A flooded hallway of Blountstown Elementary School in Blountstown, Fla., is shown after Hurricane Michael in 2018. Photo courtesy of Calhoun County School District
WASHINGTON, Jan. 28 (UPI) -- More than three years after Hurricane Michael hit Florida, the rural Calhoun County School District in the Panhandle, whose students mostly come from low-income households, still hasn't recovered.
Children who had attended Blountstown Elementary School are bused to two separate campuses, at which many pupils are placed in portable classrooms and have their lunch delivered from an off-campus kitchen.
"We've repaired lots of things, but we've still got some of the biggest stuff left to do," said Superintendent Darryl Taylor Jr., noting that the district still hasn't begun to construct a new elementary school to replace the one battered by the hurricane. "And [the] pandemic just made them a little more difficult."
School districts across the country that serve some of the nation's most vulnerable children, like those in the Calhoun County School District, don't have the financial resources to rebound from natural disasters, a Government Accountability Office study released last week found.
But as Democrats in Congress consider which pieces of the Biden administration's rejected Build Back Better Act to try to pass, it's unclear whether money included in that original legislation to fund school construction will be included in those pieces.
By the Federal Emergency Management Agency's account, more than 300 presidentially declared major disasters in all 50 states and U.S. territories occurred since 2017.
The GAO study, completed as part of the additional supplemental appropriations for Disaster Relief Act of 2019, reported that between 2017 and 2019, more than half of the nation's school districts and two-thirds of all students were in counties that experienced these disasters.
It also found that of the school districts receiving federal disaster assistance during those years, 57% served a higher than average percentage of students in two or more socially vulnerable groups.
In other words, these districts typically had more students whose families have low incomes, people of color, English learners or those living with disabilities.
"The key myth to dispel around disasters is that people often think disasters affect all people and all communities in the same way, but we know that that isn't true," said Betty Lai, a developmental psychology professor at Boston College, whose work focuses on how disasters impact children and families.
"Certain groups are more vulnerable because of poverty and racism, and disasters amplify those effects," Lai said.
In a research brief on the topic that she co-wrote with Annette La Greca, a professor of psychology and pediatrics at the University of Miami, Lai noted that children who are members of marginalized groups are more vulnerable to the negative impacts of disasters, like exposure to life-threatening events or losing their homes.
According to Calhoun County's Taylor, who was interviewed for the GAO report, students in his district continue to be surrounded by reminders of Hurricane Michael. He said nearly everyone's home was damaged, and many lost their homes and had to move.
"You have to get out of our county to get out of visible hurricane damage - today, still," Taylor said.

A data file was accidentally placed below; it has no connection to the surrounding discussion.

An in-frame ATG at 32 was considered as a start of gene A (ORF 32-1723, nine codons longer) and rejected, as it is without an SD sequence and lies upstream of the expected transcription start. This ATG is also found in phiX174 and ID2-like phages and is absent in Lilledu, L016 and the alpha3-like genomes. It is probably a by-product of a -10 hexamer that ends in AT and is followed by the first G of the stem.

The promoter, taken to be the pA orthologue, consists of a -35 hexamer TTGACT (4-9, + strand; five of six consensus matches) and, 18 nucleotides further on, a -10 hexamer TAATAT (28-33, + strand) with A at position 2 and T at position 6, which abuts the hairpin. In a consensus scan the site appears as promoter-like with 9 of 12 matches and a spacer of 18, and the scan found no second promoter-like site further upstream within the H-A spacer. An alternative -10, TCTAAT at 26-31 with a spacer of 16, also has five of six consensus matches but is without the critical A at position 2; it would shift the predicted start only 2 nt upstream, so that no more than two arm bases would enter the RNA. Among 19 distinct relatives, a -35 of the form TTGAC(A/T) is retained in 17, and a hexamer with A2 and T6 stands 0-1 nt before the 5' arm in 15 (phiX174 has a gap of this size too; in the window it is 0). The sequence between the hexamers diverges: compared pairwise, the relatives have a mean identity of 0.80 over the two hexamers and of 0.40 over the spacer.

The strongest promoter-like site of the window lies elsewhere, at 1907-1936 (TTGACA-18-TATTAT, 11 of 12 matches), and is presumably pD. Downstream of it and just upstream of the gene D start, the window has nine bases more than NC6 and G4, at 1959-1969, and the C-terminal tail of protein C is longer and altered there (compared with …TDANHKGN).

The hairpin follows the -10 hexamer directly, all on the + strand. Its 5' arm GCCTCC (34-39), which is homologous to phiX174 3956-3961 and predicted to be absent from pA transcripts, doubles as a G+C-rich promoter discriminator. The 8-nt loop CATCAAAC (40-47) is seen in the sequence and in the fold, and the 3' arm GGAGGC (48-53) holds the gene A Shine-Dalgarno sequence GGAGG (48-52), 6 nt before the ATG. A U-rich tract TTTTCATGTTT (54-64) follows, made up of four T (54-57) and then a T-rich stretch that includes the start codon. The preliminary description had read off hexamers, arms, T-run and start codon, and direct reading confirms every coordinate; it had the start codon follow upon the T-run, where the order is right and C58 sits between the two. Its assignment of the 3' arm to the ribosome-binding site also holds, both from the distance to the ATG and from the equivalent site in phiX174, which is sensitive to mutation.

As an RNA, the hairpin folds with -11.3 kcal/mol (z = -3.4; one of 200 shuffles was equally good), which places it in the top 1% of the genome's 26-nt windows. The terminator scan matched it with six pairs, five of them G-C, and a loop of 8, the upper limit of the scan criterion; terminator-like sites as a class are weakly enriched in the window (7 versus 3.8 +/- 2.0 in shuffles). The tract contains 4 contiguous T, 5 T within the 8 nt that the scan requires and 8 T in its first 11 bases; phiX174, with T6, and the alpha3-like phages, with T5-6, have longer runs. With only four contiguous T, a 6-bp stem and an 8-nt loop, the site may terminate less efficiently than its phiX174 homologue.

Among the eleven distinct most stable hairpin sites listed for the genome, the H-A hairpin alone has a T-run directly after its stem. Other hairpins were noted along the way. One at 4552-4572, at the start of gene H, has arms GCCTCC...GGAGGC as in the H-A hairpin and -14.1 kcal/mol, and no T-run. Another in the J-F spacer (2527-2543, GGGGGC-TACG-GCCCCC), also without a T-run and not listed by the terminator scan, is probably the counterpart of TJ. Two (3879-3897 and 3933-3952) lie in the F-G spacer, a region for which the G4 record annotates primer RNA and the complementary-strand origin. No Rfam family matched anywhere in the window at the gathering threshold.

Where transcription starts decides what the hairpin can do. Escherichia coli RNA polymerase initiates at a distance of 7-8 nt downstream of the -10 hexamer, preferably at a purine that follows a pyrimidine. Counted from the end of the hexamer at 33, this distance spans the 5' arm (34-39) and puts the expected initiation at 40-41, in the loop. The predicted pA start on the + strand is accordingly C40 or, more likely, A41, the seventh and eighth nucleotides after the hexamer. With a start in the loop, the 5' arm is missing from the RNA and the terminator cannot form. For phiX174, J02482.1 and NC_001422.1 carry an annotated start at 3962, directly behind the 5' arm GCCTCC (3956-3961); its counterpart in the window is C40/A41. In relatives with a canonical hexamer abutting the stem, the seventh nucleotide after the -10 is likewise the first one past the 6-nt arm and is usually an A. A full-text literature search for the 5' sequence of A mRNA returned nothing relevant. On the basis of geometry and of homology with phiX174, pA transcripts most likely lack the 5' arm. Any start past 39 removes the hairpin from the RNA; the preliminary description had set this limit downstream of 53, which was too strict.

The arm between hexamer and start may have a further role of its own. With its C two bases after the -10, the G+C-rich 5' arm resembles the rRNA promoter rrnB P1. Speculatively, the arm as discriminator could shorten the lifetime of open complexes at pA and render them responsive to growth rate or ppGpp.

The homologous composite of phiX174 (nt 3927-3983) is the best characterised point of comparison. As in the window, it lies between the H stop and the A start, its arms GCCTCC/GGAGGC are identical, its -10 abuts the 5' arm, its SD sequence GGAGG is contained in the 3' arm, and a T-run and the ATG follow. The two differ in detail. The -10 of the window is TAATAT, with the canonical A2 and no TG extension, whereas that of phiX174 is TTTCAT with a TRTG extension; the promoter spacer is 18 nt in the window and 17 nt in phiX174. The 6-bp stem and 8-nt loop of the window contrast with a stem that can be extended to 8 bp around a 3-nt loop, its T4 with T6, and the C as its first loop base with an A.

Students from low-income school districts often have limited access to mental health resources. Some school districts, the report noted, don't have the funding to hire enough counselors to cover every school.
School officials interviewed by the GAO said grades and test scores dropped as schools delayed reopening to make sure facilities were safe. And the stress caused by disasters followed students into the classroom, keeping them from focusing on their studies.
One of the primary efforts that can be made on a national level to reduce children's disaster-related trauma, Lai said, is to improve school infrastructure so that buildings are fortified to withstand such threats.
U.S. Rep. Bobby Scott, D-Va., who chairs the House Education and Labor Committee, introduced legislation a year ago that would have set aside money to help school districts replace aging buildings. That bill, the Reopen and Rebuild America's Schools Act, was added to the Build Back Better Act.
The massive spending bill, which stalled in the Senate earlier this month, would have allocated approximately $40 billion to reconstruct and renovate America's schools. President Joe Biden said in a press conference last week that he expects the Build Back Better Act will be broken up for Congress to pass portions of it.
Scott said in a prepared statement that the GAO's findings show the need for Congress to pass such a measure.
"The COVID-19 pandemic and recent natural disasters nationwide have been powerful reminders that our public school buildings are in urgent need of repair," Scott said.
"However, we cannot expect schools to prepare for our changing climate or recover from future disasters without dedicated federal funding for school infrastructure."
The Calhoun County School District was able to pay for many of its schools' repairs with insurance, but Taylor said the payout didn't come close to covering the cost of a new elementary school.
The district had to seek state and federal funding for a new building, which is becoming more expensive as construction costs rise.
"We will have been almost six years after the storm, hopefully, before we get into that [new school]," Taylor said. "That's a long time."